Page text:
In September 2009, an email greeted the freshman class.  Called the "Preseason Scouting Report," it ranked incoming freshmen females' looks by how many beers it would take to have sex with them.

Last month, 16 Yale students and alumni filed the complaint, saying the email and the university's slow response to it is a prime example of how the university has failed to address sexual harassment on campus.

And the complaint says the email is just a very public tip of the iceberg.

The suit also describes misogynistic chants by men at the school, signs that read "We love Yale sluts" outside the school's women's center, and dozens of incidents of rape and sexual harassment about which little to nothing was done.

Title IX ensures equal rights at educational institutions that receive federal funding.  If the prestigious university is found to be non-compliant and doesn't fix the problem, it could lose more than $500 million in federal funding.

Copyright 2011 ABC News Radio


Notre Dame University Hit With Second Sex Assault Complaint

Photo Courtesy - Jonathan Daniel/Getty Images(SOUTH BEND, Ind.) -- Notre Dame University has been hit for a second time in recent months with accusations that it failed to properly investigate an allegation from a young woman that one of its students sexually assaulted her.

The charge is particularly sensitive for Notre Dame, one of the country's most prestigious Catholic universities, because the school is still reeling from the suicide of Elizabeth Seeberg.  Seeberg was a 19-year-old student at neighboring St. Mary's College who killed herself on Sept. 10, 2010 after Notre Dame did not aggressively pursue her sexual assault complaint, her family has said.

The Seeberg family issued a statement to ABC News on Friday saying "Notre Dame's investigatory process has failed another young woman entrusted to its care."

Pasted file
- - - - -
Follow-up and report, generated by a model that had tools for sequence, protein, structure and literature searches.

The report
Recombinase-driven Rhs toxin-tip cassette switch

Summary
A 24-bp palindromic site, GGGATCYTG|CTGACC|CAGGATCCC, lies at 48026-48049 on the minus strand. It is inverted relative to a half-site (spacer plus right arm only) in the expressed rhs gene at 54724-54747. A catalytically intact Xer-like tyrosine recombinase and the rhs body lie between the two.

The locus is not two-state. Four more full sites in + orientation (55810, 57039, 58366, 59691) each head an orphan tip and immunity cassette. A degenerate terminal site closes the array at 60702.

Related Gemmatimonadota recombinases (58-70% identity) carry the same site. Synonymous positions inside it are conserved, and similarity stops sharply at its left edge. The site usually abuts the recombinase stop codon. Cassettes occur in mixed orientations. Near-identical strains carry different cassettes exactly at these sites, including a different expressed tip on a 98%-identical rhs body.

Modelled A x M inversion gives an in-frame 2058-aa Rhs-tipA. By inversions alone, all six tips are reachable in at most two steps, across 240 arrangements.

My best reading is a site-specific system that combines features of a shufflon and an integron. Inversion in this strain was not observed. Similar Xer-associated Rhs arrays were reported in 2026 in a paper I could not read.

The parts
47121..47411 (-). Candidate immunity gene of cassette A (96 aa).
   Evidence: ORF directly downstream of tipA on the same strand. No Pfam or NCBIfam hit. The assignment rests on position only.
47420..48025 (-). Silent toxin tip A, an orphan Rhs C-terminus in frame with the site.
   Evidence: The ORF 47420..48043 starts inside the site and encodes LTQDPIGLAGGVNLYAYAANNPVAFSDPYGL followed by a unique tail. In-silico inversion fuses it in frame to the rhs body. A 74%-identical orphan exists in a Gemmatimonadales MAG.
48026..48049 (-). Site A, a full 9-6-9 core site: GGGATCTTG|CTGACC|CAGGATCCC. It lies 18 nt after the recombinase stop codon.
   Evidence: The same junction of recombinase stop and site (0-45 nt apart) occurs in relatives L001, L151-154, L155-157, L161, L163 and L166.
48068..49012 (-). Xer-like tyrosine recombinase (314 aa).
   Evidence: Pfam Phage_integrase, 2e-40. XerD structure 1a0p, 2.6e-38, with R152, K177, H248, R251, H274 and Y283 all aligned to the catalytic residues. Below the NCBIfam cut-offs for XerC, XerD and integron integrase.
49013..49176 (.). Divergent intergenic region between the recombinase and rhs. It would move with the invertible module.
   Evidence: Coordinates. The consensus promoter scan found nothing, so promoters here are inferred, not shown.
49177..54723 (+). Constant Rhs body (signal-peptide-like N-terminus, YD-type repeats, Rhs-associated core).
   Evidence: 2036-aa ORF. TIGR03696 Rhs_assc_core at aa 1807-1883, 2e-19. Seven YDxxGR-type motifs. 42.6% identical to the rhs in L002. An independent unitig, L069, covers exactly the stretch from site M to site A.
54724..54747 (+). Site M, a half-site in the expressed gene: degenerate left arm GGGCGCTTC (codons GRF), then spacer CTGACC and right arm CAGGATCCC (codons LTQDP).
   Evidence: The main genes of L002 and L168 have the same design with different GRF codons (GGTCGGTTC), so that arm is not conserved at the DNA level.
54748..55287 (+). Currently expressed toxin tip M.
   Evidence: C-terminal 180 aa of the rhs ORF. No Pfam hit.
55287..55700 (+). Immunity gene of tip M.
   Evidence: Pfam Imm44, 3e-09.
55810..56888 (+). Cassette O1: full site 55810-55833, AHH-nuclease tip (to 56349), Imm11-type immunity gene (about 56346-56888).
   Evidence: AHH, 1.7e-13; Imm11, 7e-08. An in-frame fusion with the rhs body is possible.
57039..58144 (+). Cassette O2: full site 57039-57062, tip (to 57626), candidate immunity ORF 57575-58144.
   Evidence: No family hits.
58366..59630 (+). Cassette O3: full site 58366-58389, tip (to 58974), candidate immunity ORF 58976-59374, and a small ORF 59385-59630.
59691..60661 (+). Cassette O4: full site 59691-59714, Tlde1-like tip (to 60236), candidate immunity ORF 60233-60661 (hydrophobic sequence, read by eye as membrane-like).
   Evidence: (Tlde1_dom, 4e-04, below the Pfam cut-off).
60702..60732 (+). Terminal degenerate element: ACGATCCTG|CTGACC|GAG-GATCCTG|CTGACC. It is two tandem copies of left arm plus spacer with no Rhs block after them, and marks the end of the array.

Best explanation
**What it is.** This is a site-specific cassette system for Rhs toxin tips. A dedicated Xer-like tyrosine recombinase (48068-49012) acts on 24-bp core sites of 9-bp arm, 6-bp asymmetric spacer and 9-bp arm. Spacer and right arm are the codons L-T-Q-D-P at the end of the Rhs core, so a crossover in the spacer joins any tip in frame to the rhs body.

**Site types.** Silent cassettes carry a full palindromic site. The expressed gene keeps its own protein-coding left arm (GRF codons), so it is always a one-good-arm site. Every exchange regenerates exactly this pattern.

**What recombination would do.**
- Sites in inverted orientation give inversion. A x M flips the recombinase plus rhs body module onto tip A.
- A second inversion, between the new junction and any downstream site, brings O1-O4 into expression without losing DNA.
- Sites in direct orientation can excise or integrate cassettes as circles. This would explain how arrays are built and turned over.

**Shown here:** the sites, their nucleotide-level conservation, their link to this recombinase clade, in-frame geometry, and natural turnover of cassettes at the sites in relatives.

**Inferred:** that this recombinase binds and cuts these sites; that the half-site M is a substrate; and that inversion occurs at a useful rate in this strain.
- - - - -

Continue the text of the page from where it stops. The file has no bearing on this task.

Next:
Both incidents occurred around the same period.  Seeberg claimed she was molested Aug. 31 and committed suicide 10 days later.

The new accusation claims another St. Mary's student was sexually assaulted on Sept. 4.  According to St. Joseph County Prosecutor Michael Dvorak, the woman reported the attack to police within 24 hours, went to a hospital for a rape kit, and met there with Notre Dame police.

At the hospital she was also met by a sexual assault victim's advocate and a nurse trained in sexual assault protocols.

The student, whose name was not released, met again with Notre Dame police on Sept. 11 -- the day after Seeberg's suicide -- at which time she told police she wanted to press charges.

But this past week Dvorak's office told the young woman and her family that it would not proceed with a prosecution because of a lack of evidence.

That decision has angered the student's family.  The woman's father told the Chicago Tribune that he had met with the university's president and police to plead for a prosecution.

The woman, who admits she had been drinking before the alleged assault, told the Tribune that she felt the police were protecting the university instead of her.

Copyright 2011 ABC News Radio